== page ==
HORIZON
TWYLA THARP
An unorthodox choreographer with a mind of her own
April 1980
Art Director: Robin McDonald


206A-001-020

Every once in a while an artist comes along who is such a mischief maker that he or she upsets all the unexamined solemnities in an art form. Twyla Tharp is such a figure in modern dance, which was a very solemn art indeed in the 1930s and 1940s when it was inventing itself, and even in the 1950s and 1960s when it was reinventing itself with a new solemnity. Twyla, as a young choreographer, would have none of this. By her very cockiness, she made people pay attention to her‑whether or not they liked her dancing‑and she made the media pay attention too.

Twyla Tharp was first discovered in the middle 1960s, working tongue‑in‑cheek among the modern dance avant‑garde. Since then she has been rediscovered every time she does something unexpected‑her first piece to old jazz (Eight Jelly Rolls, 1971), her first, and then her second piece for the Joffrey Ballet (Deuce Coupe and As Time Goes By, both 1973), her ballet for American Ballet Theatre (Push Comes to Shove, 1976), her TV shows for WNET (1975 and 1977), her dance on ice for skater John Curry (After All, 1976), her choreography for the movie Hair, 1979, and her latest substantial season at the Brooklyn Academy of Music, February 1979, with its four premieres.

The spring 1980 dance season will be Twyla's fifteenth anniversary as a choreographer, and her company is coming to Broadway for the first time (Winter Garden Theatre March 24‑April 12). Here is a phenomenon: a person who begins her career as a modern dancer in Paul Taylor's company, leaves it to make her first experiments in choreography and fifteen years later arrives on Broadway with a company of sixteen dancers who‑unprecedented in modern dance‑are all on fifty‑two‑week salaries. How do you explain this?

Explaining Twyla's impact means understanding what exactly was new about her when she emerged. It wasn't only that she invaded worlds (like the ballet) where modern dancers hadn't set foot, it was what she did when she got there. When one first saw a piece like Deuce Coupe in 1973, in which her company danced with the Joffrey dancers, one was astonished by two things: the sheer vigor of the dancing and the nature of the mind that would put the Beach Boys together with classical ballet. The ballet's structure reflected real social moods‑duos and trios of dancers acting goofy, herds of dancers gently jostling each other across the stage, detachments of dancers hurtling out from the wings‑and yet much of the material was truly formal. There to prove it was one lone ballerina in a spotlight, threading her way through all the action, both violent and dreamy, in her little dance‑which was a string of classroom steps alphabetically arranged. Thus by formal, physical, and humorous means, Tharp expressed the most private and various wishes of a whole generation, and ended the dance with their public desire‑a utopia: the whole crowd, together in a group by the end, stirring the space with different lazy motions‑individuals detached and in harmony.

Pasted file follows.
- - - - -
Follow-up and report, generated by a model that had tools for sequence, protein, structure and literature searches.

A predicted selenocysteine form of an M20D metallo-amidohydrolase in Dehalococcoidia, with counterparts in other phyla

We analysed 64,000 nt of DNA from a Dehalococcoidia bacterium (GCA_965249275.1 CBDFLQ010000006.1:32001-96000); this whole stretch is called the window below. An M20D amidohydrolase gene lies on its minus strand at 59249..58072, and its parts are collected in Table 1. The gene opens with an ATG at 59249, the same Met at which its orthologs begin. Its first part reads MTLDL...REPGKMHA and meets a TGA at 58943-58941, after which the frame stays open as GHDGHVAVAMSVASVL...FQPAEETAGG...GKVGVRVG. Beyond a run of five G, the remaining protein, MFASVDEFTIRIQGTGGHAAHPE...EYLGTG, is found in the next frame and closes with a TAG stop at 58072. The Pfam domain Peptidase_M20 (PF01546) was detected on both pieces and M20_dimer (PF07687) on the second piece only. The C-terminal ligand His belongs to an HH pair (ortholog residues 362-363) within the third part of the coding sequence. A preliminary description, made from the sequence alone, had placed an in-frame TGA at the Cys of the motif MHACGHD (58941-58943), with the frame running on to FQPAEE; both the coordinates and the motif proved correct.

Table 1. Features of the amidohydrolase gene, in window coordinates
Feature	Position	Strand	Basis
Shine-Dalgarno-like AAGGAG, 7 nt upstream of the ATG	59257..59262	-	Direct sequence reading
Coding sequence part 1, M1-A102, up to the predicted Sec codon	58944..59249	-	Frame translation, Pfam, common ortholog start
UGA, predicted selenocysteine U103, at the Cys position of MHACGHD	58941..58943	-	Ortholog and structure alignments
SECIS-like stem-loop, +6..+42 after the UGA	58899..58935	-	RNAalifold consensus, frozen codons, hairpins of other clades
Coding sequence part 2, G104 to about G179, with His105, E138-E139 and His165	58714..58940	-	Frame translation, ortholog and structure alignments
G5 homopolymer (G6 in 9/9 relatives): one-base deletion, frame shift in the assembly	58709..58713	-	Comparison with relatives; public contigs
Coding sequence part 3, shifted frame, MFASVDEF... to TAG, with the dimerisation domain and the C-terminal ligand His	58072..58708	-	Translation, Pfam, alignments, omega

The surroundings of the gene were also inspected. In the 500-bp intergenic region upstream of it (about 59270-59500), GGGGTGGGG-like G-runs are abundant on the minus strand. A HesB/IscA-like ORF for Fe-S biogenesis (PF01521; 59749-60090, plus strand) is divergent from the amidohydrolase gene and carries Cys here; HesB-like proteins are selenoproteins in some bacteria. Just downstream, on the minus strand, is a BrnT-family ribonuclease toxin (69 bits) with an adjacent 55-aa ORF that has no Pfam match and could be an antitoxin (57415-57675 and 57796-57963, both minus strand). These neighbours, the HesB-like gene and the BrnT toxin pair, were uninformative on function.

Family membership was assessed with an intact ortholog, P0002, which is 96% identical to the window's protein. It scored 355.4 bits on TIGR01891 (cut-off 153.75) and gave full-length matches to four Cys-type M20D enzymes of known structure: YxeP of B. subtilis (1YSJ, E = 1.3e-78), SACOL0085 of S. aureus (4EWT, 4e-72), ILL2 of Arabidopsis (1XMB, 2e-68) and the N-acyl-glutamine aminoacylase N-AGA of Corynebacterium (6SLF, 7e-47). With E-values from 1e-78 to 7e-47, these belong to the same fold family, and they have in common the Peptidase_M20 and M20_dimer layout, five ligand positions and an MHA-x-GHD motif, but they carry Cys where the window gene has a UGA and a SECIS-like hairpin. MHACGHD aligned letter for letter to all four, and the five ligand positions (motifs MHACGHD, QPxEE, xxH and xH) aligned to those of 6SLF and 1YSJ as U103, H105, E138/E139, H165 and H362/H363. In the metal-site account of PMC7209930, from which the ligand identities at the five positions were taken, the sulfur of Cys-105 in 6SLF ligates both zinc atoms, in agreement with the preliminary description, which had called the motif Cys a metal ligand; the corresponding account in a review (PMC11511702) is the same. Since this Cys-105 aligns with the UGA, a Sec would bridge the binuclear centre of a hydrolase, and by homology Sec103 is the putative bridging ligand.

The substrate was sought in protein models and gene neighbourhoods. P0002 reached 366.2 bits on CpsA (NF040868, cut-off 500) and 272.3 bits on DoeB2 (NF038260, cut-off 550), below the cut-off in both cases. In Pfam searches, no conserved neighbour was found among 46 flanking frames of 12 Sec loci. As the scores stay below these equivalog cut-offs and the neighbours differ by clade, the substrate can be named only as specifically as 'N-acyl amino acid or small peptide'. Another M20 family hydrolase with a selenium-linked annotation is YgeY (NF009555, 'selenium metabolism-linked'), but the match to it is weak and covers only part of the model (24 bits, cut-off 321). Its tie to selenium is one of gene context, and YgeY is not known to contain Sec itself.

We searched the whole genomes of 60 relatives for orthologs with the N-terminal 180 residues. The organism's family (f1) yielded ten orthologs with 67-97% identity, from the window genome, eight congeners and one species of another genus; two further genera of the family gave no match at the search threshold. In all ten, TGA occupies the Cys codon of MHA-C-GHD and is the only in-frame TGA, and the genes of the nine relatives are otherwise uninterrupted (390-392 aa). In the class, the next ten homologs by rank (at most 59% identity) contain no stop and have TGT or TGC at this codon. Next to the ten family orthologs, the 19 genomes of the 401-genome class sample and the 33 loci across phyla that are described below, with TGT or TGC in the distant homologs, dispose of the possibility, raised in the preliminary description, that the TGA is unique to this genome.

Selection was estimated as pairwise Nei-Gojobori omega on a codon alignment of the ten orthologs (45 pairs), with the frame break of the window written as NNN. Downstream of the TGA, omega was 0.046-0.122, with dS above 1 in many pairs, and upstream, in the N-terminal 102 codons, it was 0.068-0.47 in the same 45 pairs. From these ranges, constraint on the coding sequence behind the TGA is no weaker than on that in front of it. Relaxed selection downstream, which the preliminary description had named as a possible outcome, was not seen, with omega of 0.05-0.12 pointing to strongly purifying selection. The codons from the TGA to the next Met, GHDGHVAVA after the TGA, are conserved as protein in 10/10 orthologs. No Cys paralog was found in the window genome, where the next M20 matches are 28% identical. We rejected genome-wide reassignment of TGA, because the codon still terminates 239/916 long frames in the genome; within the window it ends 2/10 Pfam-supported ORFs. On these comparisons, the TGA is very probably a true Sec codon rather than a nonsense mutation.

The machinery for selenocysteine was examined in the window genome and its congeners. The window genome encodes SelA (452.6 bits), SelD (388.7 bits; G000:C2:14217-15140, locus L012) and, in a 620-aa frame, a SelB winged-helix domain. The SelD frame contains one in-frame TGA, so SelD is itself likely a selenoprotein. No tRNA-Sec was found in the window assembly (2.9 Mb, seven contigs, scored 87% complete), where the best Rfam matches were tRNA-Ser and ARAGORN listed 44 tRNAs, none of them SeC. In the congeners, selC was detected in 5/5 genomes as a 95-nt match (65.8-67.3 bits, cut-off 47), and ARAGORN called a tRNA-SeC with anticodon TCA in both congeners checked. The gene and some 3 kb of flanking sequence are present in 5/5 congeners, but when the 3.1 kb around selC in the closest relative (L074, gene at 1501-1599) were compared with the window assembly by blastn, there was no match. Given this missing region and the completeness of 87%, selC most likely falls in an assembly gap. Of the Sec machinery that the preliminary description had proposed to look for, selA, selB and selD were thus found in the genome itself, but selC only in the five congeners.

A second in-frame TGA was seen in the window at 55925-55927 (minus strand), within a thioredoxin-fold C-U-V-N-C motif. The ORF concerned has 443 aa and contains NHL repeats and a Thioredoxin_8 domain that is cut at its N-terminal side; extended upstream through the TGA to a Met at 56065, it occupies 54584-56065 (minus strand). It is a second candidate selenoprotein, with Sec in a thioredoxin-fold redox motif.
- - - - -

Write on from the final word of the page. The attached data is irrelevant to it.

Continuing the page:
When Twyla's company revives Deuce Coupe in the spring season it will look to us like a reflection of a past time. But in 1973 it was one of those rare pieces of art that is formal‑even classical‑at the same time it is absolutely steeped in popular experience. Twyla was one of the first to "digest" the youth phenomenon, and to express it without its politics or sentimentality. For the general culture she was one of the signs of the demise of a sixties Quaker aestheticism and the recovery of wit and urban impatience. This was signaled by her music, not only the best rock music of the moment, but what she used first‑the older American jazz of Jelly Roll Morton and Bix Beiderbecke which the rock culture had put out of favor.

And for the dance world, the Tharp style cut through the lingering influences of modern dance of the past. For several years before Tharp appeared, the renegade dancers who called themselves the Judson Church Group had been working on this, patiently undoing that dance theater of crisis, anguish, sex, and religion that had been built by Martha Graham, Doris Humphrey, Josh Limn. They had walked back and forth on the floors of rooms like human numbers, tracing circle and star patterns; they had "manipulated a host of props, improvised intently and de‑theatricalized themselves with a vengeance." Twyla came along and brightened this task by refusing to submit to any piety, old or new, and by adding the element of creative impertinence‑not just impertinent concepts but impertinent, sudden tempos that woke the audience up. Tharp, in fact, reinvented the audience for her generation by assuming it could receive dance information almost as fast as she could provide it.

And she reinvented that important and elusive item in dancing which transcends categories like ballet, modern, and social dancing‑a body that is contemporary. Tharp dancers as early as The Fugue, 1970, or Eight Jelly Rolls, 1971, had the knack of looking the way everybody at that moment would like to look, and moving the way they would like to move. Martha Graham had made this quintessential dancing body for her time, so had Isadora Duncan before her and Merce Cunningham after. Tharp, in the fine old modern‑dance tradition, started with herself, her own body as a testament of her time. Its size‑Twyla's smallness‑was unimportant; it was rather its proportions, its small base for pivoting, its athletic readiness, its dancer's pliant feet.